Congress Laughingly Accuses Popular Resistance of Working With the White House for Title II
“The only thing we did with the White House was protest Obama’s silence on the issue, before he finally spoke out”
The puppets of the telecom industry in Congress are desperate to find some way to discredit the decision to treat the Internet as a common carrier by reclassifying it under Title II under the Federal Telecommunications Act and putting in place net neutrality rules that ensure equal access and no discrimination. Today at the House Oversight and Government Reform Hearing, they are claiming that Popular Resistance was working with the White House in pressuring Tom Wheeler to enact rules in the public interest to protect the Internet.
Tom Wheeler is going to testify before Congress five times in the next 10 days at hearings intended to undermine net neutrality. If today’s hearing is typical of what is coming, everyone should make these bought and paid for puppets of the telecoms the butt of jokes. Congress is trying to find some way to undermine the rules, our prediction: they will fail and embarrass themselves in the process resulting in undermining any GOP support from the Internet.
Below are some tweets from people at the Republican hearing commenting on the tactic of Republicans commenting on Popular Resistance.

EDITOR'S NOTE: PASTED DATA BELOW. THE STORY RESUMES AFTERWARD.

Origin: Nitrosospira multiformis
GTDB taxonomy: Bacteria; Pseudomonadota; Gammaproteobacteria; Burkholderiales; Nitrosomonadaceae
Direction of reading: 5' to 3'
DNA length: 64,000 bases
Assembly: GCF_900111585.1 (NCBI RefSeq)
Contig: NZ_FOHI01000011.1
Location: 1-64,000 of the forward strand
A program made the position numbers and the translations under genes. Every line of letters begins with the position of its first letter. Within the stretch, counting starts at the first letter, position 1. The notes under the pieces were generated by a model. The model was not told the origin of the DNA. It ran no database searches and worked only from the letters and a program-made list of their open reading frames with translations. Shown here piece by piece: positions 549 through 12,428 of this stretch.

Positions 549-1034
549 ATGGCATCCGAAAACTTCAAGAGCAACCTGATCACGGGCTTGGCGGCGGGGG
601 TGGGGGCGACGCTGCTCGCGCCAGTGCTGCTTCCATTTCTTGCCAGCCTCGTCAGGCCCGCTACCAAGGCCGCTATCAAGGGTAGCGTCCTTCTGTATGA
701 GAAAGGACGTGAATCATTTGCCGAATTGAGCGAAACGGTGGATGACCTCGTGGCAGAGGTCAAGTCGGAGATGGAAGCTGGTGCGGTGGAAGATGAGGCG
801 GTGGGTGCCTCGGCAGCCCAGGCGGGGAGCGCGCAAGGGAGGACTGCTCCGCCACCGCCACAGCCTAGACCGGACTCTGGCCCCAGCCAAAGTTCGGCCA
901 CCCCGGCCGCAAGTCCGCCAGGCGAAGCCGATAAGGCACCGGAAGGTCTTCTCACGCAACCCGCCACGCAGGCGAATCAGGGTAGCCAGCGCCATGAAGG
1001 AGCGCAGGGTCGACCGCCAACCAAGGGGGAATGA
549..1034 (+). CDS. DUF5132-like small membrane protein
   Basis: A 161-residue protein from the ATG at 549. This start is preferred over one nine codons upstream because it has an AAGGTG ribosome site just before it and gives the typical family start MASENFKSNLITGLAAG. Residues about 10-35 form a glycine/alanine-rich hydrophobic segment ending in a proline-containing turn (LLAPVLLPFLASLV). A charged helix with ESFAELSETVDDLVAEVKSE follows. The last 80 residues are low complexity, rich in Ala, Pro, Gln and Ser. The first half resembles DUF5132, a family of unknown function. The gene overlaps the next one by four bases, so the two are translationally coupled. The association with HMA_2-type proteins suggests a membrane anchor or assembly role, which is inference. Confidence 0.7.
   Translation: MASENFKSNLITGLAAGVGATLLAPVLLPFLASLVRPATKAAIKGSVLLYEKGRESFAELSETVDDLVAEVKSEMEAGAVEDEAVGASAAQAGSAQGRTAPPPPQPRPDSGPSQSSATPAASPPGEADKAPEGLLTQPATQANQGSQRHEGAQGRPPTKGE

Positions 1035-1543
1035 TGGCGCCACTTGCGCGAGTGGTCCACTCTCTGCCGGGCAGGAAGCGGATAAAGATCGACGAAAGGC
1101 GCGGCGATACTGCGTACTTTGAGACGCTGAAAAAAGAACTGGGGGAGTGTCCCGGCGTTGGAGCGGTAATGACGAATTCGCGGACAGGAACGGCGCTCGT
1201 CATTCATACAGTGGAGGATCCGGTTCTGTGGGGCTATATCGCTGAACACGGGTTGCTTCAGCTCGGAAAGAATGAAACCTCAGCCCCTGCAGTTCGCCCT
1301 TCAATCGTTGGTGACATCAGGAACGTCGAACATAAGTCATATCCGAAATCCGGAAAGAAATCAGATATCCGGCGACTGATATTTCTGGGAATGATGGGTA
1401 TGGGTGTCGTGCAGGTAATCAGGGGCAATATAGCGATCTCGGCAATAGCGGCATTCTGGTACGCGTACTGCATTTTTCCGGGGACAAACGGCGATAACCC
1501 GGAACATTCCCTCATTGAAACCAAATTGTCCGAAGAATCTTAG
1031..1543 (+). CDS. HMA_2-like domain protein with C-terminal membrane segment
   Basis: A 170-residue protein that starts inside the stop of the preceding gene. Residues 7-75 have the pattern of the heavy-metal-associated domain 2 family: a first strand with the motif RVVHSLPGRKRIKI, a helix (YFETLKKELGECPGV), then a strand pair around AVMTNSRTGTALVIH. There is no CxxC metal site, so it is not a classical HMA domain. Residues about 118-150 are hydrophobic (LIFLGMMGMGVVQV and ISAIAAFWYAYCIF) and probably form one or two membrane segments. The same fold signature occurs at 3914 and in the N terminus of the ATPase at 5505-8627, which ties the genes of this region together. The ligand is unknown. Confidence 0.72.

— Craig Aaron (@notaaroncraig) March 17, 2015
— Julia Graber (@blueskygraber) March 17, 2015
— Future of Music (@future_of_music) March 17, 2015
— Popular Resistance (@PopResistance) March 17, 2015
— TimKarr (@TimKarr) March 17, 2015
The basis for the conspiracy between Popular Resistance and the White House was an email sent by Tom Wheeler to people in the FCC noting the coincidence of our protest with Obama’s speech favoring reclassification of the Internet to Title II and strong net neutrality rules.
While we appreciate the attention, and are proud of the actions we took, the reality is that Popular Resistance was part of a broad coalition of organizations and individuals who pushed for Title II and net neutrality rules. We played our role in protesting at key points throughout the process, helping to develop strategy with the net neutrality coalition, urging people to submit comments as well as writing and reporting about the issue. Near the end of the process when we still thought the FCC was not going to reschedule, and President Obama had remained silent, we also protested at the White House and urged people to call the president and tell him to support Title II.
The truth is there were no secret instruction from the White House, this was a lengthy rule making process where the views of the FCC evolved for many reasons — hundreds of organizations urged reclassification, millions of people submitted comments with the vast majority favoring reclassification, scores of Internet-based corporations commented also supporting reclassification, lawyers commented explaining how reclassification was the only legal way for the FCC to implement net neutrality and scores of elected officials also commented in favor of the change. This is how the system is supposed to work. The FCC proposes a rule, seeks comments, listens, learns and evolves. Corporate interests are so used to the public being ignored that they, and their puppets in Congress, are startled that a federal agency actually acted in the public interest.